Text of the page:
The following is the Jan. 11, 2022 U.S. Navy surface warfare vision, Surface Warfare: The Competitive Edge. Read More
ARLINGTON, Va. — The Navy’s arsenal of Tomahawk cruise missiles will all become a Block V configuration, with older models to be retired and demilitarized, according to the program manager.
Russia pledged a response to a Sunday test of a U.S. ground-based cruise missile the Pentagon conducted two weeks after the expiration of the Intermediate-range Nuclear Forces Treaty in early August. Read More
A pair of recent missile tests – by Russia in near Arkhangelsk and by the U.S. off the coast of California – indicate the race among nations to create a wide range of capabilities is speeding up, a missile defense expert told USNI News. Read More
The following is the U.S. Navy’s new Surface Force Strategy, which was released on Jan. 9, 2016. Read More
Japan increasingly finds itself amid an unsettling security environment. The growing capabilities of the Chinese and Russian militaries coincide with intensified air and naval activity against the backdrop of unresolved territorial disputes. On the Korean Peninsula, the erratic regime of Kim Jong-un alarms its neighbors with provocative rhetoric and missile tests. And in Bangladesh and Indonesia, violent Islamic extremism extends its reach with ISIS-supported attacks. Read More
CORRECTION: Due to an editing error a previous version of this post had the incorrect hull number for the Arleigh Burke-class guided missile destroyer USS John Paul Jones. The ship is designated DDG-53 — not DDG-32. The designation DDG-32 was assigned to the decommissioned Forrest Sherman-class destroyer also named John Paul Jones.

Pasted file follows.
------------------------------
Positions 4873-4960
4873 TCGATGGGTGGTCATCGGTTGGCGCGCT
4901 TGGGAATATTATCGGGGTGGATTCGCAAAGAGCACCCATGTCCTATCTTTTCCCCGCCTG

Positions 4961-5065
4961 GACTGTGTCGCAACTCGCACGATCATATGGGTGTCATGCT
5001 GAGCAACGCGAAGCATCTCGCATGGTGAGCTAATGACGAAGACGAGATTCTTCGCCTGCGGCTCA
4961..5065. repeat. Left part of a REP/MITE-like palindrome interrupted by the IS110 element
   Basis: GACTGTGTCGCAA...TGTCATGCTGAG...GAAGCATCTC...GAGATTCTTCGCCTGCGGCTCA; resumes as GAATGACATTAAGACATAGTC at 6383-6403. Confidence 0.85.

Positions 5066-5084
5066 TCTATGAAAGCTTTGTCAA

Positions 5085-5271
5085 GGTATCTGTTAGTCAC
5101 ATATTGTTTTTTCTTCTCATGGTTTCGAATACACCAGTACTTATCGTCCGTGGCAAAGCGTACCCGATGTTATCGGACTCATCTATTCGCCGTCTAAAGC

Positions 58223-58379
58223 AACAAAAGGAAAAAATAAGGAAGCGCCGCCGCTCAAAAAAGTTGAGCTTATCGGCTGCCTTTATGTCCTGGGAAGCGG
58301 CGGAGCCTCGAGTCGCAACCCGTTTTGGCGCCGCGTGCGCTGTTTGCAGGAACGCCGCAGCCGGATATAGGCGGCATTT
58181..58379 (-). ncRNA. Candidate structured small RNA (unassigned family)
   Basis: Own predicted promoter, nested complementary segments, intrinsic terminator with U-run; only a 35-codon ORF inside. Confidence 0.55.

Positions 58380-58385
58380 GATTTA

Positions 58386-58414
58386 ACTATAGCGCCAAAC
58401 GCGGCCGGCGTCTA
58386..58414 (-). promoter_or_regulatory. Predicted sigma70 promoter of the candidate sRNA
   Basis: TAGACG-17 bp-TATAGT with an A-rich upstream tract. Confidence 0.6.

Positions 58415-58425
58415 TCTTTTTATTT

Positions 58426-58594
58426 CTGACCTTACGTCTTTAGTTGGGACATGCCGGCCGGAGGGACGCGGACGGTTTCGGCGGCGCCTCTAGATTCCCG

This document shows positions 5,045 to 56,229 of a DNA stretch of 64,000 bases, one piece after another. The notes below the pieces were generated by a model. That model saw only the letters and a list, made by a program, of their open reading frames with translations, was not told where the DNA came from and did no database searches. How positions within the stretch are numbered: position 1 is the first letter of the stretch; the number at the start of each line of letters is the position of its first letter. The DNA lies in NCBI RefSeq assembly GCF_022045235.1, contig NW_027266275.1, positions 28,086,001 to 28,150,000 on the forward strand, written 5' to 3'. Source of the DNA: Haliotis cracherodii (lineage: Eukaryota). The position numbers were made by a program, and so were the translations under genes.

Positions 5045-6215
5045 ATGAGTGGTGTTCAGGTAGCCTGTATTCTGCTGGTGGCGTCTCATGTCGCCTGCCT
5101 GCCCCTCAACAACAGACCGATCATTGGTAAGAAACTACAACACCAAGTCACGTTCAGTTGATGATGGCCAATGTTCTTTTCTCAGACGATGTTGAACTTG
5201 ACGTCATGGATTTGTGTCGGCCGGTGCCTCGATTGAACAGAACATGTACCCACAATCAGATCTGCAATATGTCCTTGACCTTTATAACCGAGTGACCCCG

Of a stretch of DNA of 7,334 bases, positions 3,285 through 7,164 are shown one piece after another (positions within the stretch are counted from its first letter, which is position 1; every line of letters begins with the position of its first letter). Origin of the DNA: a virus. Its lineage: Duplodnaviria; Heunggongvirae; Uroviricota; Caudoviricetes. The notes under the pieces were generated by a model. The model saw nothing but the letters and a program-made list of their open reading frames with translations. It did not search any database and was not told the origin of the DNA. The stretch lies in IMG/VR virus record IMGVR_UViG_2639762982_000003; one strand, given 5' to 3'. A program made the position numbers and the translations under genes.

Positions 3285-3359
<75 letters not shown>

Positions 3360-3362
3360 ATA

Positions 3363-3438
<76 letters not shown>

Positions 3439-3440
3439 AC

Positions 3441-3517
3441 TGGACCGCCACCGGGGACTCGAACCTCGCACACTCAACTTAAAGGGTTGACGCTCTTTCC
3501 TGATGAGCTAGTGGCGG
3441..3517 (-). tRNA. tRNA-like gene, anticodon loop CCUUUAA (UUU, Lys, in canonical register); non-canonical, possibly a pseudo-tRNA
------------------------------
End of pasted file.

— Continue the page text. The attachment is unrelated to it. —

The former frigate USS Reuben James (FFG-57) was sunk in January during a test of the Navy’s new anti-surface warfare (ASuW) variant of the Raytheon Standard Missile 6 (SM-6), company officials told USNI News on Monday. Read More
The evolving Distributed Lethality (DL) concept ––announced last year –– offers a new approach for how the nation might use its naval surface forces as potential adversaries acquire naval capabilities designed to control the sea. Read More
The Tomahawk Land Attack Missile (TLAM) has long been a mainstay of the U.S. strike weapon inventory. Launching from ranges out to 1,000 miles and armed with a 1,000-pound warhead, it is the Navy’s “Kick Down the Door” weapon, attacking well-defended high-value land targets. The BLK IV missile is the latest variant in a steady progression of capability, incorporating mission planning, navigation and guidance, and command and control upgrades designed to improve responsiveness and target flexibility. Combat-proven and operationally reliable, Tomahawk remains a weapon of choice for planners and commanders alike. The FY 2016 budget maintains production and inventory levels, reflecting a continued high demand signal. Read More